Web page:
A second important task performed by the LWLM method is, given the distributions of hidden or latent words, selecting the words that have the highest probability to be exchanged for a particular word in a particular context. This task is similar to automatic word sense disambiguation (WSD), which is the task of determining the sense or meaning of a word in a particular context. Take, for example, the word “ball.” According to the WordNet lexical database [18], this noun has twelve different meanings, among which are “round object that is hit or thrown or kicked in games,” “an object with a spherical shape” and “a lavish dance requiring formal attire.” Automatically determining the exact meaning of a word in a particular text is a non-trivial task and has attracted substantial attention from the research community.
  • [0007]
    The Semeval-2007 workshop organized a competition of WSD systems, comparing the performance of different systems on the same dataset. The system described in [19] was among the top performing systems and is a good example of a typical WSD system. It employs a supervised Maximum Entropy classifier that was trained on a manual-labeled training set. The classifier employs a large set of features that model the context, including the words, lemmas, collocations and Part-of-Speech tags (i.e., grammatical category of a word) in a small window (of size 3) before and after the word, named entities, selected keywords and bigrams in a large window and a small collection of other features. A search for the best features showed that the words and lemmas within a close window were most important to determine the meaning of the word.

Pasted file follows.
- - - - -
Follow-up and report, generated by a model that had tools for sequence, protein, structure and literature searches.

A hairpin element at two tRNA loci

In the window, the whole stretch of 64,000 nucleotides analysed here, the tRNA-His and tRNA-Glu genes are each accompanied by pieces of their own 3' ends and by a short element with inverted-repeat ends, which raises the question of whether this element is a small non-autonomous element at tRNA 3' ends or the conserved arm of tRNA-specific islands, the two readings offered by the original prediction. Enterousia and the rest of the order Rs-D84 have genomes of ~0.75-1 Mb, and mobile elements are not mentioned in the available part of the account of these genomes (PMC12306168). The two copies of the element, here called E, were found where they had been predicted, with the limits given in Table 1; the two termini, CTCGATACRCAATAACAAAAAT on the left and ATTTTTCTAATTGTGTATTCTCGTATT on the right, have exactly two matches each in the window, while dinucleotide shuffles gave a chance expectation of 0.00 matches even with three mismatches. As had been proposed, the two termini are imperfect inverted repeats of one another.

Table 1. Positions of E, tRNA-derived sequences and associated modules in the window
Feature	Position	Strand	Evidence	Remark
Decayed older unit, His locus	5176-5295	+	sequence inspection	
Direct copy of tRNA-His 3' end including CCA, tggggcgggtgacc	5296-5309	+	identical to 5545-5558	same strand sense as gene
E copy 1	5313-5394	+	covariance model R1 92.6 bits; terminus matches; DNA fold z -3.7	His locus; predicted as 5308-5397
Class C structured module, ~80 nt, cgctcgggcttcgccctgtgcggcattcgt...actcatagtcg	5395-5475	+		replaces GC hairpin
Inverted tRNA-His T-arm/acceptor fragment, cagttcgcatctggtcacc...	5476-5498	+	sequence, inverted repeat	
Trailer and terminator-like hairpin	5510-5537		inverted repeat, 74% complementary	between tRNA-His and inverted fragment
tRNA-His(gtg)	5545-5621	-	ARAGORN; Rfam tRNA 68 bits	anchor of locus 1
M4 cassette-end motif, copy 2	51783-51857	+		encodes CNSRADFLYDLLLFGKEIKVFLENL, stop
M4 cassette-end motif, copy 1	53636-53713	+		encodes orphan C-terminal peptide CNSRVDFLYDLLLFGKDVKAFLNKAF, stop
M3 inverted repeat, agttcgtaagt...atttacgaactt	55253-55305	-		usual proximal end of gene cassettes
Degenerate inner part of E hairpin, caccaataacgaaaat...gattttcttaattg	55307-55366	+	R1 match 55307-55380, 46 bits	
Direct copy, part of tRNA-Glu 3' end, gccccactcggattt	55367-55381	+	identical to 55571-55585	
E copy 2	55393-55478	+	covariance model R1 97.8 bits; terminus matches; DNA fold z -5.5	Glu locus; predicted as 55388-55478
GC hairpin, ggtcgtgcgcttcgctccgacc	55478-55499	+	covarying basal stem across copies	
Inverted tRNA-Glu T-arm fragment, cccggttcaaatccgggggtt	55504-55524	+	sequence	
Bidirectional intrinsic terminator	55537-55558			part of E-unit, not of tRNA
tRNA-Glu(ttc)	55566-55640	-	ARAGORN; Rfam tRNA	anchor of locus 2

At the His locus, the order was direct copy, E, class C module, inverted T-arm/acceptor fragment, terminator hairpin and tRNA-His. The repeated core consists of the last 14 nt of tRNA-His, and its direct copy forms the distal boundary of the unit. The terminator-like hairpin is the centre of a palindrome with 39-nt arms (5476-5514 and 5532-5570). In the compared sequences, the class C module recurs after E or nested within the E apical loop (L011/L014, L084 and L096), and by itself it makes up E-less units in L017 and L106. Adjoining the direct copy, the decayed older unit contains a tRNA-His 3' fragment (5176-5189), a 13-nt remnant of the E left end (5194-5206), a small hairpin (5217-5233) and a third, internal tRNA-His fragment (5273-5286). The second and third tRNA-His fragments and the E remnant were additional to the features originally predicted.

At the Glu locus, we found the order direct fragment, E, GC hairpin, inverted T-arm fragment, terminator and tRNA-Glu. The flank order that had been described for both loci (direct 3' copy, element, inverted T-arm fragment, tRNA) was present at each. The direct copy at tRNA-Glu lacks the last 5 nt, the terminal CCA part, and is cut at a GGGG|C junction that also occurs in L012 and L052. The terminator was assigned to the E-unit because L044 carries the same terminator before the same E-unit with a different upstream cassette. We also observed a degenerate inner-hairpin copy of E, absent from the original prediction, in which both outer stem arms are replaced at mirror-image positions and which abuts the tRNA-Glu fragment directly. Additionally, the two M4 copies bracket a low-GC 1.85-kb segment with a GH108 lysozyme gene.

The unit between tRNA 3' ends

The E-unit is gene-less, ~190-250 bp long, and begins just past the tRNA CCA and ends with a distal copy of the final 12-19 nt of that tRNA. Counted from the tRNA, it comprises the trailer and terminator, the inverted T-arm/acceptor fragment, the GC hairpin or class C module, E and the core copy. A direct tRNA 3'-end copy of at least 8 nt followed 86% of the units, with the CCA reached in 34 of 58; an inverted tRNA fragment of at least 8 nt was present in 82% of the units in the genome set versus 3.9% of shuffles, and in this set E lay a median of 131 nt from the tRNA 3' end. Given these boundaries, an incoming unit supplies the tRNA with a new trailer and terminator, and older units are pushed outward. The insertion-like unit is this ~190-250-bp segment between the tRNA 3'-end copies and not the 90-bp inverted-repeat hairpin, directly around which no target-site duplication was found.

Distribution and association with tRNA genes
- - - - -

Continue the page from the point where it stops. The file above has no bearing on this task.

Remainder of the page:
• [0008]
    The LWLM model probabilistically models these features in a straightforward way, as the sequence of hidden words left and right of the current word. Compared to the methods of the state of the art, this has the major advantage that the features are learned in a completely unsupervised way and can be used in a multitude of natural language processing (NLP) applications. Furthermore, the hidden words provide a representation that capture similarities between words, thus reducing the need for other features such as Part-of-Speech tags.
  • DISCLOSURE
  • [0009]
    Provided are methods for determining a probabilistic, context-dependent word distribution (206) for each word in a previously unseen text. Methods for determining a probabilistic, context-dependent word distribution (206) for each word in a previously unseen text comprises the steps of:
      • (a) in a training phase, learning for each word of a large corpus of natural language texts a probabilistic context model (104 a) that describes the context these words typically occur in and learning a hidden-to-observed distribution (104 b) that describes words with similar meaning and usage;
      • (b) storing the context model (104 a) and the hidden-to-observed distribution (104 b) on a storage device; and